Donald Trump's College Supporters Call Themselves 'The New Counterculture'By Emily Marks
While majority of college students voted for Democratic presidential nominee Hillary Clinton, there are some who continues to support Donald Trump. In a time of devastation for many, they rejoice in triumph.
In an election forecast, it was reported that Donald Trump was losing the vote of college degree-holders. A survey by the Pew Research Center revealed that Clinton had a 23-percentage-point lead over Trump among registered voters who have earned at least a college degree.
Moreover, data from polls found that Trump may be the first Republican nominee to lose among white, college-educated voters in 60 years. There is a great divide among voters. Clinton's supporters are those who value college education while Trump's supporters rally about not having manufacturing jobs in the nation anymore.
The 2016 U.S. election results came as a shock for many Americans. It is still being talked about today. Recently, Green Day just slammed Trump at the 2016 American Music Awards saying, "No Trump, no KKK, no fascist U.S.A."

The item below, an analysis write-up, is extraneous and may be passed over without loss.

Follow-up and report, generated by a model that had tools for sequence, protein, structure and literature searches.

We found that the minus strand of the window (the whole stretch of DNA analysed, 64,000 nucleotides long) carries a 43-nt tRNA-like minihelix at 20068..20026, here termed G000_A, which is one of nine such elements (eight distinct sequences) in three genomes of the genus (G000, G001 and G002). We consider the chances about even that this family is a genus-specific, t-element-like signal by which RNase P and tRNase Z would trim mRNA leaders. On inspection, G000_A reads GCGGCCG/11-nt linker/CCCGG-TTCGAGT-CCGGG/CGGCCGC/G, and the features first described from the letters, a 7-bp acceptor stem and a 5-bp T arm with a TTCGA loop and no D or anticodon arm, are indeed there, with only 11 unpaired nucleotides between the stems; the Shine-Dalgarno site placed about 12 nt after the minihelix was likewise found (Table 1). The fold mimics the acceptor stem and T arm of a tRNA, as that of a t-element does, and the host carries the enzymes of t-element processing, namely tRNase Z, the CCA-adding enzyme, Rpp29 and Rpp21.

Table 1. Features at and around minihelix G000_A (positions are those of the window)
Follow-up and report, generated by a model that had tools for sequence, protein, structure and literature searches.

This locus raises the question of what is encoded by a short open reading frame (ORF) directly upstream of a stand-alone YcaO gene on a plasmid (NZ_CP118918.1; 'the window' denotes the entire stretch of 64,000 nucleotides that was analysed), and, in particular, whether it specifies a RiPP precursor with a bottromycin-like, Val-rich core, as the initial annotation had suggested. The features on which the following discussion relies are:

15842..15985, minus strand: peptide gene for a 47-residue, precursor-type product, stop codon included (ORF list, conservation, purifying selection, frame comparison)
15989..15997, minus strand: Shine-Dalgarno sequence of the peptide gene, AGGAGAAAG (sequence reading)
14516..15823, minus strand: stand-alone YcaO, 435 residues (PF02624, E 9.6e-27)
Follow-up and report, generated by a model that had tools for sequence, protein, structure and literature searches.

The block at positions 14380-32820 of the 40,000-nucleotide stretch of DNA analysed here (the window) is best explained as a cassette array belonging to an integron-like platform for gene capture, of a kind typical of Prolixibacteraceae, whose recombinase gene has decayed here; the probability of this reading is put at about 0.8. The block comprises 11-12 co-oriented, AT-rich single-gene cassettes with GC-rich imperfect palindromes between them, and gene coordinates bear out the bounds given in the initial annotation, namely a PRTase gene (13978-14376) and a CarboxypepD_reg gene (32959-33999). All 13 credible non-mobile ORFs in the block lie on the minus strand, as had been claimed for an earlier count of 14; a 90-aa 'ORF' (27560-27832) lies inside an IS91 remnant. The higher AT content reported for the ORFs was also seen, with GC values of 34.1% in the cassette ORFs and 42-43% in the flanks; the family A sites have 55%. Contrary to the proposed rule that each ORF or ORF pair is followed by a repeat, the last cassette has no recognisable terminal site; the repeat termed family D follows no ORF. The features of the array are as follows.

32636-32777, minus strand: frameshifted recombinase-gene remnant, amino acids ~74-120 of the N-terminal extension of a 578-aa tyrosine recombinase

According to BuzzFeed News, Trump's college supporters see themselves as "underground rebels." Apparently, they want to fight a destructive epidemic of political correctness.
"It's the new counterculture," Jared, an undergraduate who wore a suit and tie to a recent meeting of the University of Delaware College Republicans, said. "It's the equivalent of being a hippie protesting at Kent State," he added, referring to the Vietnam War protest in 1970.
Andrew Lipman, a senior at the school and chairman of the Delaware Federation of College Republicans, criticized the University of California - Berkeley for straying from what it was known for. Before, the institution was iconic for its free-speech protests. Now, though, it has become known for "silencing conservative speech, because it's considered hateful."
"If they could talk about it with their friends they might not feel a need to come here [to the College Republicans] and talk about it, but they don't have that outlet," Lipman added. "They feel like they're being silenced."